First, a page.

As the code share partner of KLM, Delta will (hopefully) be wafting me from Atlanta down to spiffy, very user friendly Fort Lauderdale airport. Anyone who has used this airport will tell you what a vast improvement it is on the horror story known as Miami International, some twenty-five miles distant.
From there, the real fun begins; a week’s effortless, indulgent cruising around the western Caribbean aboard Holland America Line’s stunning Eurodam. And there is something almost poetic about taking Dutch flights to board a Dutch ship which, to my mind, just seems so damned right.
But, after the ball, the long haul home will still await me.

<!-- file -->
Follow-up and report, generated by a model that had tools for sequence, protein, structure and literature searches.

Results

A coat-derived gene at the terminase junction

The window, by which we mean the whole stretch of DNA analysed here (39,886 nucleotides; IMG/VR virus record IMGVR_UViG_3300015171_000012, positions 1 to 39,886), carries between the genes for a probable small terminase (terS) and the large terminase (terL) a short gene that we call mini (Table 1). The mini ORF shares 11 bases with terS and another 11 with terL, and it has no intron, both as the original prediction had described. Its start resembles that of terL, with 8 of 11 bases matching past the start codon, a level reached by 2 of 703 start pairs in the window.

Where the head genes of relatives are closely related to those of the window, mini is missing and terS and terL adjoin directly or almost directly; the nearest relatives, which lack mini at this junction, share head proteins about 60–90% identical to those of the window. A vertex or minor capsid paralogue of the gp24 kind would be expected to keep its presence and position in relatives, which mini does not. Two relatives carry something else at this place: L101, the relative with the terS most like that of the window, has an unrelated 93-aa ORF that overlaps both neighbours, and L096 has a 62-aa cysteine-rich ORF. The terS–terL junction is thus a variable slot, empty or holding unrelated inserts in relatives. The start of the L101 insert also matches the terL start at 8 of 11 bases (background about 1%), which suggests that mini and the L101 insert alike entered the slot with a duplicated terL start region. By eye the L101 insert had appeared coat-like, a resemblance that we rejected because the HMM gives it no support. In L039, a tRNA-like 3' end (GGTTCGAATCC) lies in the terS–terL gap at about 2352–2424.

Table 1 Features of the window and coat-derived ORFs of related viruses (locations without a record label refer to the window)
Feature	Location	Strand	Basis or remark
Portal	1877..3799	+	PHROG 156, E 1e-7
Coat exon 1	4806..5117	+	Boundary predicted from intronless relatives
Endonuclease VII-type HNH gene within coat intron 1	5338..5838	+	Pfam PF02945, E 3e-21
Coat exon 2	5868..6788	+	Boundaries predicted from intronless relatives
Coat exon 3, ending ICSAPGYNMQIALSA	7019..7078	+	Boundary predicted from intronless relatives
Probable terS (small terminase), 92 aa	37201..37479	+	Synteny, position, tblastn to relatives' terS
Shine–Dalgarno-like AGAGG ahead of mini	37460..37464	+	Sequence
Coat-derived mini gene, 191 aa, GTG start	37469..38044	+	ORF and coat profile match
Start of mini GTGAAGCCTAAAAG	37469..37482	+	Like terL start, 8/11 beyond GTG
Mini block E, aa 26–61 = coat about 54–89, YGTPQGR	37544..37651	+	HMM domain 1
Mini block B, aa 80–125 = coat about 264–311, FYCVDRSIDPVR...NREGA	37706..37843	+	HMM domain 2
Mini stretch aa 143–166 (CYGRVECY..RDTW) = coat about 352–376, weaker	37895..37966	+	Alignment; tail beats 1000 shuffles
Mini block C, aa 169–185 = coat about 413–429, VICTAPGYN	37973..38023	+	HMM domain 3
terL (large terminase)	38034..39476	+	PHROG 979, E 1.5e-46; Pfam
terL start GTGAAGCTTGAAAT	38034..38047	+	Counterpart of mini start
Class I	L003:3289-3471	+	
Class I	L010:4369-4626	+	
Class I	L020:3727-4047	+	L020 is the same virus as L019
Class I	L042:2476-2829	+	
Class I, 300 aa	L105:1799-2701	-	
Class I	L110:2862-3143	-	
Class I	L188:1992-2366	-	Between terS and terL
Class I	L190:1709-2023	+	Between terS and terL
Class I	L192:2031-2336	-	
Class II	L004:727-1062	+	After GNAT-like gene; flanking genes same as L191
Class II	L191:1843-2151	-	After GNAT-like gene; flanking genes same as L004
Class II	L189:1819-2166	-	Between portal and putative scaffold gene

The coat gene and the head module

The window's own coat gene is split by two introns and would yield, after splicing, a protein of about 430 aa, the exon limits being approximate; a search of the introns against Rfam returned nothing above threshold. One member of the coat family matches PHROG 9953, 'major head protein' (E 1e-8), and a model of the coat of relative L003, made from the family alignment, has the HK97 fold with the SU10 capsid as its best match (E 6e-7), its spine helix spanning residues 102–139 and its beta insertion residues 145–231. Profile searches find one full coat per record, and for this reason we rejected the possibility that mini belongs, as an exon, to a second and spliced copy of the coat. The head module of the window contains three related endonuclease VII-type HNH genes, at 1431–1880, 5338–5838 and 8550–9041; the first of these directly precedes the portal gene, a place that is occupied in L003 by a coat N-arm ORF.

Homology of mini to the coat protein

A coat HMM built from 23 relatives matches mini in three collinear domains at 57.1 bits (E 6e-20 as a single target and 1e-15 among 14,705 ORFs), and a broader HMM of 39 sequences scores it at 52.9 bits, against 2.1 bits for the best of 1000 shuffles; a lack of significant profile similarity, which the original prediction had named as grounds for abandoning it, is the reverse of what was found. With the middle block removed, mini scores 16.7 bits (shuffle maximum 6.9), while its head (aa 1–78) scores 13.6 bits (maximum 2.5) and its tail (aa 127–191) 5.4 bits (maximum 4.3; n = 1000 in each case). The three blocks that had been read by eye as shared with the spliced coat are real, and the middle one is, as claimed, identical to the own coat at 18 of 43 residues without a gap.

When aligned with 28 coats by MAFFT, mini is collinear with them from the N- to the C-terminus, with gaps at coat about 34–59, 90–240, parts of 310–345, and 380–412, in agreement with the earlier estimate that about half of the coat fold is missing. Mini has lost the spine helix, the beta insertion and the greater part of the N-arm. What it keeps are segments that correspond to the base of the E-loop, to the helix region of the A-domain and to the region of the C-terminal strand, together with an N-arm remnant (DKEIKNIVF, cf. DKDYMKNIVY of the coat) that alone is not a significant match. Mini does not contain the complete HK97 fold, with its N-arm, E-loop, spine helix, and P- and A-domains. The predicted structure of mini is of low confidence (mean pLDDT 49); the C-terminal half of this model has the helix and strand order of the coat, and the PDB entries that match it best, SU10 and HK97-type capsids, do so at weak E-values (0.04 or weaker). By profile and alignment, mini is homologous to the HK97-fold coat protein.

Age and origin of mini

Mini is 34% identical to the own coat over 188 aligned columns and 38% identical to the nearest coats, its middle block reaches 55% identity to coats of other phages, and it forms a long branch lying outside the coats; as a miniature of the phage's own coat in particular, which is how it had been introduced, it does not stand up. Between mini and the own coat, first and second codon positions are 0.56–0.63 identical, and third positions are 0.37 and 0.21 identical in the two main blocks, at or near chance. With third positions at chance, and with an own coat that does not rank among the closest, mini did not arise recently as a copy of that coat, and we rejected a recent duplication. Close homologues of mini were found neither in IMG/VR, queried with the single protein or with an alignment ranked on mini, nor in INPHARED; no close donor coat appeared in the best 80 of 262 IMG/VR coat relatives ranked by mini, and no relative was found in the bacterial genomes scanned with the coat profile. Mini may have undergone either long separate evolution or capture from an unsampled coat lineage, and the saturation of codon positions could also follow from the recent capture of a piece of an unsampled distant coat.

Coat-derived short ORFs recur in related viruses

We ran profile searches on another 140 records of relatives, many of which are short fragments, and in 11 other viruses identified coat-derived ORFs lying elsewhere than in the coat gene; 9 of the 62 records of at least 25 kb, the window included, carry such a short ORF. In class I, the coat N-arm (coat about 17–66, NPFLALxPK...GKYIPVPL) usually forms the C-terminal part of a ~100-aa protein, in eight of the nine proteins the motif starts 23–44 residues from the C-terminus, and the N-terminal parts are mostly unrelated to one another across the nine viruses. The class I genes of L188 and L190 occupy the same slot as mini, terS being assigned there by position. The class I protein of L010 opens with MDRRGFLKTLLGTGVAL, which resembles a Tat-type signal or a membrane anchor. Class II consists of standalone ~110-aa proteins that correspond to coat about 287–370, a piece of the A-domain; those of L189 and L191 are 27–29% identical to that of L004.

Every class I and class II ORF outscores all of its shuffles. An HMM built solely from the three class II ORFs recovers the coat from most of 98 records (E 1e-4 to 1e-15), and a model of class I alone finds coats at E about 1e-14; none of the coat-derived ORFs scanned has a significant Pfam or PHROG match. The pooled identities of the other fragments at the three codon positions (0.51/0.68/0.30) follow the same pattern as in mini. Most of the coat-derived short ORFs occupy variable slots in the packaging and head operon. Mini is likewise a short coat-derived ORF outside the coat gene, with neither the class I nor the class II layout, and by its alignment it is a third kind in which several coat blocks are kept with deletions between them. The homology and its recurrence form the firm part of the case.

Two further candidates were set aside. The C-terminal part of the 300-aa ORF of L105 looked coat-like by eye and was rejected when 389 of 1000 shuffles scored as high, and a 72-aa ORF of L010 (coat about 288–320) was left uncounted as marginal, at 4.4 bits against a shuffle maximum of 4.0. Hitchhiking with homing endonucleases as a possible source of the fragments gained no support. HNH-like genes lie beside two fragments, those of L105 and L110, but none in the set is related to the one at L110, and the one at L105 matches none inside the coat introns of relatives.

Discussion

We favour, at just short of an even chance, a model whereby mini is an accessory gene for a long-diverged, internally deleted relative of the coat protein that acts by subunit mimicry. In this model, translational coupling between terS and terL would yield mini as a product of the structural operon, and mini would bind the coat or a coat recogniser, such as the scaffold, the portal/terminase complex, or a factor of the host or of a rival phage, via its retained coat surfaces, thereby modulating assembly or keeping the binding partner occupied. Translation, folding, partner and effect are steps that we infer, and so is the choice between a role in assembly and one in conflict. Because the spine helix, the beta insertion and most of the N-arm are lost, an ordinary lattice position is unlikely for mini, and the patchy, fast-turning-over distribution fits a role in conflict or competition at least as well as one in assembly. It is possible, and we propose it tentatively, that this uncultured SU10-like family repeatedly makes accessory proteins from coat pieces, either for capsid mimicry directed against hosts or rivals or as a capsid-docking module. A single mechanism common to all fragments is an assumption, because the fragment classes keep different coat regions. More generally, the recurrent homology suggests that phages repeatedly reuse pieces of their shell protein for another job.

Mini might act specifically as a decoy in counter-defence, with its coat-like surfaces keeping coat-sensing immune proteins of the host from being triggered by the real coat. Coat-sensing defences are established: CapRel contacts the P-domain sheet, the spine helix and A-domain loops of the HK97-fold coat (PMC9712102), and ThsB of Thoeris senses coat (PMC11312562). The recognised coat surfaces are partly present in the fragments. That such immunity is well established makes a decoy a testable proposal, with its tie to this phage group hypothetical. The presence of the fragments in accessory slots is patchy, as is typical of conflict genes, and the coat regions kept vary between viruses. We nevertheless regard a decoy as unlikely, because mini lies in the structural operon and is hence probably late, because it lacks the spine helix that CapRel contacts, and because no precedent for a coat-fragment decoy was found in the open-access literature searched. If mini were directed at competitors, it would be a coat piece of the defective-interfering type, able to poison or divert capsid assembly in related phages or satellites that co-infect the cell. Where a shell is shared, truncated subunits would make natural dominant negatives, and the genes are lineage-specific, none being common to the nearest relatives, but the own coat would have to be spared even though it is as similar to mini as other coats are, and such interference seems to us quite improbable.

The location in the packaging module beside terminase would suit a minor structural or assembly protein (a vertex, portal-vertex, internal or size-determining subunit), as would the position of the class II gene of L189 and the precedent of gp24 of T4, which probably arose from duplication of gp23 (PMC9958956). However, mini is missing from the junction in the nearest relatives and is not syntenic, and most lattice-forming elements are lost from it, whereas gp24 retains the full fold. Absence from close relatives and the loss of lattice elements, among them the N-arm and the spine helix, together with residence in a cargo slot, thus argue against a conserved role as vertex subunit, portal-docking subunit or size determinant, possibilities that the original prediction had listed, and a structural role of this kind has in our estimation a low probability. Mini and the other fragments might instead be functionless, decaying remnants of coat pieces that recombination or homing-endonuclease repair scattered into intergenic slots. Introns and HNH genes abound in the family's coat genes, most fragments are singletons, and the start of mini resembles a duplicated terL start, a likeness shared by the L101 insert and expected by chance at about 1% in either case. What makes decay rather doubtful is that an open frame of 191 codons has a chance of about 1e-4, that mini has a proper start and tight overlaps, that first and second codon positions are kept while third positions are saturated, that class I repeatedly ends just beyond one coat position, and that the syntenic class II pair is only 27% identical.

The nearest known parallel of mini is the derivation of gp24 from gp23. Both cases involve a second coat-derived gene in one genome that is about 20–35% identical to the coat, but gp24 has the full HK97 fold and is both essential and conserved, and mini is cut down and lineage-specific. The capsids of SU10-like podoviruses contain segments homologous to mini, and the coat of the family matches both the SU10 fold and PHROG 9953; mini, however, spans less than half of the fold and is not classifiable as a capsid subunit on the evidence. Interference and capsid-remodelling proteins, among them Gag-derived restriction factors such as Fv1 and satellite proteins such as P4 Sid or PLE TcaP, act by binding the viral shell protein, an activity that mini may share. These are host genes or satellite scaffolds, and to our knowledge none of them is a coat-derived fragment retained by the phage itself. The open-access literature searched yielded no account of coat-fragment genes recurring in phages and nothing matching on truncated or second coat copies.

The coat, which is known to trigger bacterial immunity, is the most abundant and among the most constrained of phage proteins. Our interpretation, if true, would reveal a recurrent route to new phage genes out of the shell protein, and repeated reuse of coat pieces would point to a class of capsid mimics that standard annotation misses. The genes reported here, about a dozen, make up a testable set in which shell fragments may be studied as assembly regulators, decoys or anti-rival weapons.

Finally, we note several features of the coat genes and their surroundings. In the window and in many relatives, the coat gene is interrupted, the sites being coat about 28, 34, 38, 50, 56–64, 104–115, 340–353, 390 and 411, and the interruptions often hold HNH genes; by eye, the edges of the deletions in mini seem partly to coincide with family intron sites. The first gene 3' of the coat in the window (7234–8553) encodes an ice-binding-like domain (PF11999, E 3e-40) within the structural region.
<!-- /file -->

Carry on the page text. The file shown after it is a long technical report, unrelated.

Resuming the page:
Once more, the first leg sees me at the tender mercies of Delta. It’s back off from Fort Lauderdale to Atlanta on yet another like as not hideously overcrowded Boeing 757.
Last time I flew Delta long haul, the plane was delayed a full hour on the ground in Miami because of an engine fault. Airborne, about an hour into the flight, the pilot suddenly announced that we would have to turn back, because of a problem with the engine….
Cue one rather anxious travel writer until our wheels kissed the tarmac; not in Miami, but at Atlanta in the small hours. Result; a six hour wait for a replacement aircraft and crew.
But I digress- from Atlanta overnight to Amsterdam, I’m back with KLM. The Dutch airline flies an Airbus A330-300 on this route; a twin engine jet that seats economy class passengers in a 2-4-2 configuration that I’m much more comfortable with.